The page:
Motley Fool Rule Breakers is back on the road this week with Karl Thiel and I in Silicon Valley. Our schedule includes stops at Pacific Biosciences and Genomic Health as well IBM's (NYSE: IBM ) Almaden Research Center and VMware (NYSE: VMW ) . You can add any of these companies to our free watchlist service at the end of the article to continue receiving updates throughout the week.
But of them all, I'm most excited by the two days I'll be spending at Google's (Nasdaq: GOOG ) annual I/O developer conference.
Each year, The Big G invites code writers to see new ways to take advantage of its massive network and cloud infrastructure. This year the event is being held at San Francisco's Moscone Center, a megaplex that's held court for Macworld and other major tech events. More than 5,500 are expected to attend.
Most observers (me included) expect Google to answer or at least address lingering questions about its business at this year's I/O. Here are the three that gnaw at me as an investor:
1. How will Google deal with Android fragmentation? Should it care?
A confluence of reports says fragmentation is a problem but not a big enough one for developers to care about. Consider these three soundbites:
- A recent survey conducted by Baird found that 56% of developers believe fragmentation in Android is a "meaningful" or "huge" problem.
- The same survey found that 71% of developers writing for Android while 62% were creating software for Apple's (Nasdaq: AAPL ) iOS.
- A somewhat similar survey from IDC found that 91% of developers were "very interested" in writing for the iOS while 85% were as enthusiastic about Android.
Talk about incredible. Android may be messy, but coders love it about as much as they love iOS. We've seen these sorts of results before, in the early '90s when Windows was rising to prominence. Does that mean Google should leave Android alone? Or do developers deserve to have their concerns addressed?
2. What's the strategy for Chrome OS?
A new, separate yet Googly operating system made a lot of sense when netbooks were the "it" thing. But now Android has a massive developer following and tiny laptops have given way to tablets. Google even has a flavor of Android for tablets: Honeycomb.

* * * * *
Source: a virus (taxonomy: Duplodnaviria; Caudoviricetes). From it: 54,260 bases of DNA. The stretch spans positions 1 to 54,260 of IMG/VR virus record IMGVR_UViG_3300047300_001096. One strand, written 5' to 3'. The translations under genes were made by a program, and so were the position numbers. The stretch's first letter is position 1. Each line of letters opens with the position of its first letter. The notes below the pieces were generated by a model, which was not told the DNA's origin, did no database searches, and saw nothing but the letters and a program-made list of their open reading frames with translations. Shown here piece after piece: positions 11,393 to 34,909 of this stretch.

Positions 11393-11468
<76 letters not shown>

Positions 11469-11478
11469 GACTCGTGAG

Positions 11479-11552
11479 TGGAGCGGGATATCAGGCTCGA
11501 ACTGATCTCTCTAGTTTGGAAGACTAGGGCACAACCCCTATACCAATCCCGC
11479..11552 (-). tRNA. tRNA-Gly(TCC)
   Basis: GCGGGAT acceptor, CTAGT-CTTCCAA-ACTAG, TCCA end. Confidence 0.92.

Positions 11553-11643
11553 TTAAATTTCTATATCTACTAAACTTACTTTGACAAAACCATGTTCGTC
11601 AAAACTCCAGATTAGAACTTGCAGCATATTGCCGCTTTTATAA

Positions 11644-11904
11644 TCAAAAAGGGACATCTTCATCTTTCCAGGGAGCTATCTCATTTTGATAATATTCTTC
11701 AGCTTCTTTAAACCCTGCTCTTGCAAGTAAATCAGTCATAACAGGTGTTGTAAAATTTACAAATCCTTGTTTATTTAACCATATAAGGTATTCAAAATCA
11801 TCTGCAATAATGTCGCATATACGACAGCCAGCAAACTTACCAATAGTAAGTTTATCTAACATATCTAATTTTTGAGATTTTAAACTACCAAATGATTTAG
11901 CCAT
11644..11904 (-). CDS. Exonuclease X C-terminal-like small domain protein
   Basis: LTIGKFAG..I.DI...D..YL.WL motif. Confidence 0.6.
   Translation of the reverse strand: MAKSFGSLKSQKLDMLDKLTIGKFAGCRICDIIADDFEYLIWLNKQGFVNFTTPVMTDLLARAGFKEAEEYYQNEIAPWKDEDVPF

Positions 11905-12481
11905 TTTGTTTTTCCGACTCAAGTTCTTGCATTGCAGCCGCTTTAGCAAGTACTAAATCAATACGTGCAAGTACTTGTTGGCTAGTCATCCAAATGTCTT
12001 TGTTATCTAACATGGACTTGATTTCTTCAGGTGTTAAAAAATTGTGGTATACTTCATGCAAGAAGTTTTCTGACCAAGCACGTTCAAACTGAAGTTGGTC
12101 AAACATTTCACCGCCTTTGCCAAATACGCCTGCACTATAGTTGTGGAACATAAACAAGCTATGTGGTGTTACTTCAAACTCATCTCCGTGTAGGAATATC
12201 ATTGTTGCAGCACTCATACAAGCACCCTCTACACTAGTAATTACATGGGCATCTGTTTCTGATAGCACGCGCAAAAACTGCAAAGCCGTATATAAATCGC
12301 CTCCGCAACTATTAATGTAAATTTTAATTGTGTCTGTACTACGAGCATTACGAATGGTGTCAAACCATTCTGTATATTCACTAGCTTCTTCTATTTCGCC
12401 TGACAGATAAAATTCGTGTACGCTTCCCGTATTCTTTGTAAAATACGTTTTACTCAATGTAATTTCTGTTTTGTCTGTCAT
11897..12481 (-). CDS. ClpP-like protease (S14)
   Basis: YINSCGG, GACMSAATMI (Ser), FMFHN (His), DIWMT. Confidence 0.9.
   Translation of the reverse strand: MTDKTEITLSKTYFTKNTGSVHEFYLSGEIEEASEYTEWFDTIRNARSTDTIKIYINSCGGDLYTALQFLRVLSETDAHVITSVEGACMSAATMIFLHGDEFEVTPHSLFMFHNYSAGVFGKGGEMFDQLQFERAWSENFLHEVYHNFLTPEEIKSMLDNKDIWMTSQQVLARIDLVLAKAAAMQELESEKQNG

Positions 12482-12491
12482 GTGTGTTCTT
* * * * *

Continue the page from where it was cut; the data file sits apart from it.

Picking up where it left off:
But the story doesn't end there. The Chrome browser already acts a lot like an OS, accessing graphics processors directly in order to run Web-based apps at hyperspeed. Forthcoming features include technology for transforming speech into text within the browser and better rendering of 3-D visuals.
Each seems intended to make Chrome more like an OS than a browser, and it's this sort of approach that has users taking to it in greater numbers. According to new data from Net Applications, Chrome's share of the browser market rose to 11.94% in April while both Firefox and Internet Explorer declined. Are Google and its shareholders better served by going after the browser crown, or is having a full-fledged Web OS still a worthy goal?
3. What is Google's social media strategy?
None of us can fairly expect CEO Larry Page to get on stage and reveal all there is to know about Google's social media strategy but some directional clarity would be nice. Is it better to make all of Google's varying services social a la the +1 button, or is there room for a new and distinct social media service such as the rumored Circles? Right now, all we know is that bonuses are tied to The Big G's social success.
What question would you ask Google? What troubles you most as an investor? Or, conversely, what keeps you from investing in Google's stock? Please use the comments box below to let us know what you think.
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